If you have a bathroom medicine cabinet, chances are you have some expired medications in there. Over-the-counter and prescription medications are required by the Food and Drug Administration to have an expiration date printed on the packaging and/or label. What’s unknown is at what point do people toss expired medications. For some, the expiration date is exactly that, the date that the medication “expires” and is no longer as potent. Others reason that drugs don’t lose their potency overnight, and continue to take “expired” drugs until some point in time when potency is questioned and replacement medications are obtained.
The expiration date placed on medications is only an assurance that the labeled potency will last until that time. Curious researchers found 8 expired medications with 14 different active ingredients in a retail pharmacy in their original, unopened containers. All of these medications had expired 28-40 years prior to their analysis, which makes me wonder how/where they found them but find them they did. Three tablets/capsules of each drug were tested.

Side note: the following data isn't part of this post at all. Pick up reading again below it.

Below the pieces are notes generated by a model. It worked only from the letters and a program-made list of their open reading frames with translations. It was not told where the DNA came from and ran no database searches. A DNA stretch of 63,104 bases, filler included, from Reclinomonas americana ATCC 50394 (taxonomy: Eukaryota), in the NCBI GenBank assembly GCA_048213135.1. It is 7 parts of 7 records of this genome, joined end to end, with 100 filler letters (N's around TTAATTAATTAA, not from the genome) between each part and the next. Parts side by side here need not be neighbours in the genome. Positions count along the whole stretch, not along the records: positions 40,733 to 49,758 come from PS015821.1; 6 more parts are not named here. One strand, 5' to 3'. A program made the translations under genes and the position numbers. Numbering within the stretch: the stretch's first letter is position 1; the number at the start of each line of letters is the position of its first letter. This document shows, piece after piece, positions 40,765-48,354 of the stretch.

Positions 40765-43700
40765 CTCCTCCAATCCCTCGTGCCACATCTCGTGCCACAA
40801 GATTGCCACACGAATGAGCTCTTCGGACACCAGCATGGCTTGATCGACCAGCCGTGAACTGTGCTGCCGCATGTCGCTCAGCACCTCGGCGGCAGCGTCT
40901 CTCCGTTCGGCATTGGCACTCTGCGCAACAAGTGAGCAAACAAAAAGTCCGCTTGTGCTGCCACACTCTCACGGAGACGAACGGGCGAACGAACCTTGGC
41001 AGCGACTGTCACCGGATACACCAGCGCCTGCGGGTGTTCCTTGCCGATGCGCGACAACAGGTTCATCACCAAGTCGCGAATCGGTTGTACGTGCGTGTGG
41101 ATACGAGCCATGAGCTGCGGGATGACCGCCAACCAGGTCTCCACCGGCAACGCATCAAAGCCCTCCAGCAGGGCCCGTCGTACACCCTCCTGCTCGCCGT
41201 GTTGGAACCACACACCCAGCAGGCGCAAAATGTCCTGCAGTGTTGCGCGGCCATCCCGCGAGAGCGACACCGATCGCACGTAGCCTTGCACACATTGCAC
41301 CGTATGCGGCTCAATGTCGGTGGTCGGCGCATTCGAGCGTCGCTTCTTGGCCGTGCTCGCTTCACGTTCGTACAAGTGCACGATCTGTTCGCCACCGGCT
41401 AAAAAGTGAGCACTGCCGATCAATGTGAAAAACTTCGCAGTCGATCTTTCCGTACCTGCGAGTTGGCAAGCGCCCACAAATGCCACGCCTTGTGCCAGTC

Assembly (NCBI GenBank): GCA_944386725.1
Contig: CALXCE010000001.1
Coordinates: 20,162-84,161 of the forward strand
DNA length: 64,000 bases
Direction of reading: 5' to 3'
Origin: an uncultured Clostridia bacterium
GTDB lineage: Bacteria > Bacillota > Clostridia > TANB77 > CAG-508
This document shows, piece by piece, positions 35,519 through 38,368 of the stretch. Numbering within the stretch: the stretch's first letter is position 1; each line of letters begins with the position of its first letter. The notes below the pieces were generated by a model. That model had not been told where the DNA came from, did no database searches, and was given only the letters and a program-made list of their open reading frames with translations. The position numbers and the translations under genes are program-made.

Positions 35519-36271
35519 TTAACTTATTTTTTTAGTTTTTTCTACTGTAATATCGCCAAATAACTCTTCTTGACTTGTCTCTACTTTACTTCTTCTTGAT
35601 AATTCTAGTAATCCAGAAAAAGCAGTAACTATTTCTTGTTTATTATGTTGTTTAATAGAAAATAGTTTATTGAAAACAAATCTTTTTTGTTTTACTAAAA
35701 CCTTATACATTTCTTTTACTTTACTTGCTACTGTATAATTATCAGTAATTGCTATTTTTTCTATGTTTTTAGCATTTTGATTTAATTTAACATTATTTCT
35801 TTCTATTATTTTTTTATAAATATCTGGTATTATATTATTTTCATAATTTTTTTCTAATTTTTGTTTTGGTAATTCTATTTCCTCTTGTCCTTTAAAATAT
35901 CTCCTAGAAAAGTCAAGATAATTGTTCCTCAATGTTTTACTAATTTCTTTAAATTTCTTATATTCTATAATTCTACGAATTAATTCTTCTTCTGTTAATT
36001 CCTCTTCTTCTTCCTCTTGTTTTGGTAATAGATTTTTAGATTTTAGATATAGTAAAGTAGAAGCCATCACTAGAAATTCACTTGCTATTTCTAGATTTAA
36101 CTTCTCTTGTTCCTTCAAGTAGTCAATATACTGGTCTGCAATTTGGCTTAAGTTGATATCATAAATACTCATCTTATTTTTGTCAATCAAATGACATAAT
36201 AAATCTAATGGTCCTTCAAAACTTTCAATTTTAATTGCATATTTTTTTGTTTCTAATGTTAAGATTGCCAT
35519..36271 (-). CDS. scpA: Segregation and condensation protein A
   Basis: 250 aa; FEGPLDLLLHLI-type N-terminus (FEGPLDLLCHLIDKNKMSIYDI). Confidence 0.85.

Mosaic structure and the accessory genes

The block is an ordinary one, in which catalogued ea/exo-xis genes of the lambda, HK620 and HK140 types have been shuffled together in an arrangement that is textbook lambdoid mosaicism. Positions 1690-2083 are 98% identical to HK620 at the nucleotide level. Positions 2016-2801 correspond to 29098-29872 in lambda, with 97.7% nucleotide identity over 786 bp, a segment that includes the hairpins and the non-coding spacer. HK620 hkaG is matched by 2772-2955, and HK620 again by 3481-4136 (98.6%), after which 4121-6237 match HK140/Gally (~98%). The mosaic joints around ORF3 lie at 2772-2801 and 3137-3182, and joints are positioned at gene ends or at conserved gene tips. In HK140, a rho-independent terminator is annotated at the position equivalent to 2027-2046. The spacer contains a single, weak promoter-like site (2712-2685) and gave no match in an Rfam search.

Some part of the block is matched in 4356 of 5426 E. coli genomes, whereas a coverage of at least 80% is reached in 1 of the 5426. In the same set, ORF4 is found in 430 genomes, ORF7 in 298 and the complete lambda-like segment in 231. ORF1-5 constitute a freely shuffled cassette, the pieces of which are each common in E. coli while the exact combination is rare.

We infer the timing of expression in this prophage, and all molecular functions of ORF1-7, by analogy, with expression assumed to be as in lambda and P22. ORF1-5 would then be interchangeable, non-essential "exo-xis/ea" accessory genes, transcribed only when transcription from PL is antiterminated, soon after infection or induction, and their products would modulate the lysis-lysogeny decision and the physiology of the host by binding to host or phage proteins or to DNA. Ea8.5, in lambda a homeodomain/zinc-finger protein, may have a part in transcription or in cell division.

The researchers found that 12 of 14 drug compounds tested were present in concentrations of at least 90% of labeled amounts (which is the level generally recognized for minimal acceptable potency). These drugs included fiorinal, codeine, pentobarbital, secobarbitol, caffeine, and 7 lesser known compounds. Two compounds (aspirin and amphetamine) were present in amounts of less that 90% labeled content. It’s probably safe to say that although this study found that certain medications have a longer than previously thought potency duration, these study findings can’t be generalized to apply to all medications. For potency assurance, it’s best to stick with the expiration date printed on the packaging and/or label.